Q

An alternative editor to Notepad or Wordpad

Can you suggest to me the best editor for Java programming, other than Notepad and Wordpad?
Probably the best editor I've seen is SlickEdit's outstanding Visual SlickEdit. It's a complete editing environment that has real Intellisense, code coloring, macros, excellent project support and integration with any build and version control systems you could imagine. Specifically for Java development, it's also got a built-in Java debugger so you can edit and debug out of the same environment! Finally, the best part of Visual SlickEdit is that it's extremely fast. Can you tell which editor I use to get my job done? You can get more information about Visual SlickEdit here.
This was last published in September 2002

Dig Deeper on Windows Operating System Management

PRO+

Content

Find more PRO+ content and other member only offers, here.

Have a question for an expert?

Please add a title for your question

Get answers from a TechTarget expert on whatever's puzzling you.

You will be able to add details on the next page.

Join the conversation

6 comments

Send me notifications when other members comment.

By submitting you agree to receive email from TechTarget and its partners. If you reside outside of the United States, you consent to having your personal data transferred to and processed in the United States. Privacy

Please create a username to comment.

If your goal is to primarily focus on writing code, I'm very much a fan of Notepad++. It does a great job of color coding syntax, integrating with external build tools, and it supports many different languages beyond just java. Check it out at http://notepad-plus-plus.org/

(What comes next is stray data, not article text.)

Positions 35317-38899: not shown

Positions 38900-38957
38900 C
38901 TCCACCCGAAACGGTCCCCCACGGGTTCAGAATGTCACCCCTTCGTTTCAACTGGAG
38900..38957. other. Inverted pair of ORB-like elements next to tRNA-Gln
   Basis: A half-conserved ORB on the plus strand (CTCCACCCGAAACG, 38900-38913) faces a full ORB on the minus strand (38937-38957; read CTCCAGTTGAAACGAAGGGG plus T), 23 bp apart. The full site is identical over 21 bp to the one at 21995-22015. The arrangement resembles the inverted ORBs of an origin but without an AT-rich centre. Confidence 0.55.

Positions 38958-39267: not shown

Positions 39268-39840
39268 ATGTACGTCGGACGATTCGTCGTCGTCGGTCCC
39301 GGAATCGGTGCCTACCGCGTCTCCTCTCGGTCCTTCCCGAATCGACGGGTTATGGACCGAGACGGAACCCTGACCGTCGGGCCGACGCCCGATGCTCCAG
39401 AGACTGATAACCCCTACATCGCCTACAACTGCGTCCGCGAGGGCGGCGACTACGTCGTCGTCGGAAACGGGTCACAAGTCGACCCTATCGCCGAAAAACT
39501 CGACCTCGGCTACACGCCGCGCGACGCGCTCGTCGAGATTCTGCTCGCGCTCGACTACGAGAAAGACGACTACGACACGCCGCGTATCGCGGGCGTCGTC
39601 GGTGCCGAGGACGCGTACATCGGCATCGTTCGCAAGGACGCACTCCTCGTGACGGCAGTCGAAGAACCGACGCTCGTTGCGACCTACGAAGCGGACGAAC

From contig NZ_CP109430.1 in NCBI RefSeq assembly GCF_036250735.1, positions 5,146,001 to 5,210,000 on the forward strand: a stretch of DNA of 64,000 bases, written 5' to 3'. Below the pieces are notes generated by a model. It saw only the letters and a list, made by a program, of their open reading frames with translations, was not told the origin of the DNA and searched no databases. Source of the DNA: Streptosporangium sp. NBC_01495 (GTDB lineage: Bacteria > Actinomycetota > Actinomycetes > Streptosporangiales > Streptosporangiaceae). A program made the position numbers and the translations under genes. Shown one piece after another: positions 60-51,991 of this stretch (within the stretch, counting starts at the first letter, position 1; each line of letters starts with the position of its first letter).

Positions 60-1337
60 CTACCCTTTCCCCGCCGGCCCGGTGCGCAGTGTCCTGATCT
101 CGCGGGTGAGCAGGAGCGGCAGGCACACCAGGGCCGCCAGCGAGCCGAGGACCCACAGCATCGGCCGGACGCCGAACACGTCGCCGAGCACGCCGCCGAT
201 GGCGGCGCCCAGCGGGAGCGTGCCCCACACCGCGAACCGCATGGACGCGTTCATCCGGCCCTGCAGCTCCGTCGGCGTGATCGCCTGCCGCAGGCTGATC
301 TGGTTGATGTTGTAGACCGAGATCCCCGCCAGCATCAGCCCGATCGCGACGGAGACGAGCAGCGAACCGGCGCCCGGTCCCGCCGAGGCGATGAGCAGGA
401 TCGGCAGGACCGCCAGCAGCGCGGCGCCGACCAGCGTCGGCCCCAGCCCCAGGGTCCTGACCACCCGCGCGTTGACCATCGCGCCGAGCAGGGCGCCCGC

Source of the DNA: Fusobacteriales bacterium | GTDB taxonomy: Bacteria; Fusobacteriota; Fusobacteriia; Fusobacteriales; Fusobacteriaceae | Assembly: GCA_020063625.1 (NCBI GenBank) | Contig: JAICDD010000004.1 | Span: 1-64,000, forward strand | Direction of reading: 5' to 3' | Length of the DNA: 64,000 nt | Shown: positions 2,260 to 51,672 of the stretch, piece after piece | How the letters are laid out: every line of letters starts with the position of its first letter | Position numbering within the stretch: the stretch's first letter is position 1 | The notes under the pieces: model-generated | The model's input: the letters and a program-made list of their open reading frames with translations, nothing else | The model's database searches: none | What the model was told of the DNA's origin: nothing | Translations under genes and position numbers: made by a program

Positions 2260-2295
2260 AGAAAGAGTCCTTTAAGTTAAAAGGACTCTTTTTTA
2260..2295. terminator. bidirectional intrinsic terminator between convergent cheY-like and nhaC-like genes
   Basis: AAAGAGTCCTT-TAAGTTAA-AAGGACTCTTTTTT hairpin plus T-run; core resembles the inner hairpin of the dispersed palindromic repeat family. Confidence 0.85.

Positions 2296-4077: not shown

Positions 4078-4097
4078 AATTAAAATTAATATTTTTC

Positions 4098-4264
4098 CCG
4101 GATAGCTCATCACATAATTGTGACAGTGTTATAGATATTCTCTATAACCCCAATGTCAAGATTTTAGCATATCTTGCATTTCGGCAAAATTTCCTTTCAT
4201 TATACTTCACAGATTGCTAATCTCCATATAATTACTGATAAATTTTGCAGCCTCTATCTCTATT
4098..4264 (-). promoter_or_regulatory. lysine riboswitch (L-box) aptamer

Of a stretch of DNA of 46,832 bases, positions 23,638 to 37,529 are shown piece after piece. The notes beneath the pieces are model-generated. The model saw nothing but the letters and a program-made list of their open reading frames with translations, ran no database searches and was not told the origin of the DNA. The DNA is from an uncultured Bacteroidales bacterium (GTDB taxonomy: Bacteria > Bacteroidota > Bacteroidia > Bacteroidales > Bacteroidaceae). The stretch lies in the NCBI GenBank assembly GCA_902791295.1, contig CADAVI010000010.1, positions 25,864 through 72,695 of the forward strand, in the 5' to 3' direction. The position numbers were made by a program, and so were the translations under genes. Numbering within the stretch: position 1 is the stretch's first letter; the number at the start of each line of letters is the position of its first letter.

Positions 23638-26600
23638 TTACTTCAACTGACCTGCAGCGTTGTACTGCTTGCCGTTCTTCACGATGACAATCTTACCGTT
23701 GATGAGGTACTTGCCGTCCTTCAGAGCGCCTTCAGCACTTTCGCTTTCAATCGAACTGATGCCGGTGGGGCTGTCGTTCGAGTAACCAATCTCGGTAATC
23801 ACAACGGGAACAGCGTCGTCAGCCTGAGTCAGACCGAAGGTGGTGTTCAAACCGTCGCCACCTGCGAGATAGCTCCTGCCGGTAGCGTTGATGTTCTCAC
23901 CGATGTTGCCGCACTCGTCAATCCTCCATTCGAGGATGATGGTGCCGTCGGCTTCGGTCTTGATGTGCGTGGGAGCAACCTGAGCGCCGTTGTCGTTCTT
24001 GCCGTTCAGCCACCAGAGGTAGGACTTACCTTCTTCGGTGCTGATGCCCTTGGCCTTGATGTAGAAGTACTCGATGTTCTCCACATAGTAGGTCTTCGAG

Cancel
Like michael, I greatly favor notepad++ today.

There are other text editors that may interest you though:

For example: VIM, the editor that seems to be popular with the *Nix crowd actually is available for windows too. 

EditPad Lite - is a lite weight editor that I used almost exclusively as a note pad replacement before I switched to notepad++ it's often just enough for most users.  

Most Recently, I've read interesting things about Atom - a hackable text editor developed by GitHub. 

There are a LOT of notepad replacements and text editors available, many of them free or open source, which one is best for you often depends on what you most need form a text editor.
Cancel
Like Michael, I greatly favor notepad++ recently, but there are a few other Text Editors that have caught my eye.

There are other text editors that may interest you though:

For example: VIM, the editor that seems to be popular with the *Nix crowd actually is available for windows too. 

EditPad Lite - is a lite weight editor that I used almost exclusively as a note pad replacement before I switched to notepad++ it's often just enough for most users. 

Most Recently, I've read interesting things about Atom - a hackable text editor developed by GitHub. 

There are a LOT of notepad replacements and text editors available, many of them free or open source, which one is best for you often depends on what you most need form a text editor.

(The comment system doesn't seem to like multiple links, so I could not post the links for you, but they should be easy enough to find via google.)
Cancel
Like the others mentioned, Notepad++ is my editor of choice.
Can't be beat for a free editor.
Cancel
I’ve been running Linux for years, so I got hooked on one of the Emacs varieties. When I’m running a Windows machine, I stick with XEmacs. Like Notepad++ it has excellent syntax highlighting, and I really like the ability to split the current tab into two sections to view different parts of the same file. http://www.xemacs.org/
Cancel
My vote also goes to Notepad ++ without a doubt. 
Cancel

-ADS BY GOOGLE

SearchServerVirtualization

SearchCloudComputing

SearchExchange

SearchSQLServer

SearchWinIT

SearchEnterpriseDesktop

SearchVirtualDesktop

Close